Writs of Habeas Corpus
Writs of Habeas Corpus Attorney
Some kinds of trial errors, such as ineffective assistance of trial counsel, are very difficult if not impossible to preserve for appellate review during the direct appeal process outlined above. Additionally, sometimes evidence that would have helped your case, or witnesses who have been missing for prolonged periods of time reappear long after the time for filing an appeal has passed or while you are in the midst of litigating your direct appeal.
On rare occasion, a criminal statute or procedural rule used to convict you is later declared unconstitutional by the Court of Criminal Appeals or the Supreme Court of the United States. In such circumstances, the appropriate remedy is to seek a writ of habeas corpus.
Writs share some similarities with appeals, but they differ in one critically important aspect: in the context of a writ, new evidence and matters not contained in your trial record can be put before the court by way of live hearing or affidavit.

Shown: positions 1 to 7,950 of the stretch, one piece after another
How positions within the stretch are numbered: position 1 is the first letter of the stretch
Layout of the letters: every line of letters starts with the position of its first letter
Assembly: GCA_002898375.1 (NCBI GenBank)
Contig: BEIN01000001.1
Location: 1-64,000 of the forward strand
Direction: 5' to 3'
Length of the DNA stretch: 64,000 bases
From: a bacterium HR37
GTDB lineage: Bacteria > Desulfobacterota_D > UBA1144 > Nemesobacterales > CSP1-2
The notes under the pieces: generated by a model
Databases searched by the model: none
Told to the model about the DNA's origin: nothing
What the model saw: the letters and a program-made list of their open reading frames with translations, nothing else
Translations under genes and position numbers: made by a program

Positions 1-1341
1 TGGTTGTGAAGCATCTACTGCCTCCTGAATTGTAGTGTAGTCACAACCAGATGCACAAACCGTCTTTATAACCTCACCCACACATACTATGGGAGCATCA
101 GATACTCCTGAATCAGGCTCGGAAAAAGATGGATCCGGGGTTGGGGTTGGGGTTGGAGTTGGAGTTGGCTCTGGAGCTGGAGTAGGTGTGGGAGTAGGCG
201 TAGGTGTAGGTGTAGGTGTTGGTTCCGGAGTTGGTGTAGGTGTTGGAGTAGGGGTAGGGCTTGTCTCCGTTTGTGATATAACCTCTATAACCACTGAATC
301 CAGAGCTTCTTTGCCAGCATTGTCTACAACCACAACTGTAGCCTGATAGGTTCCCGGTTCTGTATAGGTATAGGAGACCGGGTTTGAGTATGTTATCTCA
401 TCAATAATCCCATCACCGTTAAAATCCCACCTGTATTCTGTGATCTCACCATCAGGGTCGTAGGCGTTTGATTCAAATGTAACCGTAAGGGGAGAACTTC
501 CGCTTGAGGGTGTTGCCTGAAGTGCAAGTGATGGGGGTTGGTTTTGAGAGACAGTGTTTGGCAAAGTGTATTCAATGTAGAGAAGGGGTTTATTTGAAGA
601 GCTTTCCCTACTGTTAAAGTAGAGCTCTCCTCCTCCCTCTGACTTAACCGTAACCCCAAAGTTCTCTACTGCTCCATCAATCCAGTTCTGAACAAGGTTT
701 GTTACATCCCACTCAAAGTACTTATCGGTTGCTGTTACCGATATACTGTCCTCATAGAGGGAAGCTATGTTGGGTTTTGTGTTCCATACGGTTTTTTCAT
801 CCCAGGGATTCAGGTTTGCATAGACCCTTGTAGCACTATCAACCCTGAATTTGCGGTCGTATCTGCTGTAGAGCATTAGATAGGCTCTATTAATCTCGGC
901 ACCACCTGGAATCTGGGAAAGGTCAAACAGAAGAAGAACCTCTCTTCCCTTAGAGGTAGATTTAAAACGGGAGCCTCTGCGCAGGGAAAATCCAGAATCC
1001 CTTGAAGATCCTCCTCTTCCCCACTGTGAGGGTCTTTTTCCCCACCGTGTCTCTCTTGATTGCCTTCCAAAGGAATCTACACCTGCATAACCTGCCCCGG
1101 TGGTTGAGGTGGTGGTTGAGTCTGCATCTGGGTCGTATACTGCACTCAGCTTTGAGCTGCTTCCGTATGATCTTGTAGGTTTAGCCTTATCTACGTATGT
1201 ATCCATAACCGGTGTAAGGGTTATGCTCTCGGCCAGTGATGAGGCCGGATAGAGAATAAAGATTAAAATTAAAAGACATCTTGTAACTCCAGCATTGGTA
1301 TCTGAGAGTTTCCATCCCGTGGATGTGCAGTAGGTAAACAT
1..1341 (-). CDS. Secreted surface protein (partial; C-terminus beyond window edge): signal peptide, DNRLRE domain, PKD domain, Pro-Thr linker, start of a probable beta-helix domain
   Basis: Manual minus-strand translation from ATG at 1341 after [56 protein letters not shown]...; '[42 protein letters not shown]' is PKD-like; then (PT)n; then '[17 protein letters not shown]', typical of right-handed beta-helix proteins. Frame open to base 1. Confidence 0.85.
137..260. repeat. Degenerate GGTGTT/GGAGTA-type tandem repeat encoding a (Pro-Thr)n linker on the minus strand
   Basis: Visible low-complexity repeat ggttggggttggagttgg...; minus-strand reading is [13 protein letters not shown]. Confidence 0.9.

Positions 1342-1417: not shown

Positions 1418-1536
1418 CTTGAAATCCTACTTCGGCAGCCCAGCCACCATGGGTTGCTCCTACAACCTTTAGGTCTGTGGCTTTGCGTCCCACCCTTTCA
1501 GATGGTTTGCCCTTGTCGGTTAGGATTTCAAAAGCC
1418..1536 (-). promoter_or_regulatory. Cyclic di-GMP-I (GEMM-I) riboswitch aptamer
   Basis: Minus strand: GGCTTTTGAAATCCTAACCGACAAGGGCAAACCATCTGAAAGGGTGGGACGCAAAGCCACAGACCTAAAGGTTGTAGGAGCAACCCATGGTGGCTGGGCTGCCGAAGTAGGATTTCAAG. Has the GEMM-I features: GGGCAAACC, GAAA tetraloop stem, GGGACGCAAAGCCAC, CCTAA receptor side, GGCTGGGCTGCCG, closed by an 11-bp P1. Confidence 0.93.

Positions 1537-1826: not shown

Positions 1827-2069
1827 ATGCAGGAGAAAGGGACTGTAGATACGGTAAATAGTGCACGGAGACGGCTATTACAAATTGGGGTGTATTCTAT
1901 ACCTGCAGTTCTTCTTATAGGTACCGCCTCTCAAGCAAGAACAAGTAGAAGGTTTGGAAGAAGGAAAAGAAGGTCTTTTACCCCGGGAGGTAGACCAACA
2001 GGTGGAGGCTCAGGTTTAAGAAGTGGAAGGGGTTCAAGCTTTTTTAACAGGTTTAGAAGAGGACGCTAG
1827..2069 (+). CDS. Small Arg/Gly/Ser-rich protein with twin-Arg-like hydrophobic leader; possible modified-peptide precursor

The procedures required in state habeas work vary somewhat depending upon the nature of the case – i.e. whether the writ seeks relief from a conviction resulting in incarceration; relief from a conviction in a capital murder case; or a conviction resulting in community supervision.
Additionally, federal writs of habeas corpus are available in some circumstances, so long as the petitioner can satisfy the stringent time requirements and procedural rules set forth by congress.
Contact Criminal Defense Attorneys Hunter, Lane & Jampala
It is essential to thoroughly discuss your case from all angles, including the nature and facts of your case, the timeline of events in the way your case was handled procedurally, and whether or not you have ever sought habeas corpus relief in the past on the same case with your attorney.
Schedule your free consultation today (210) 996-8278.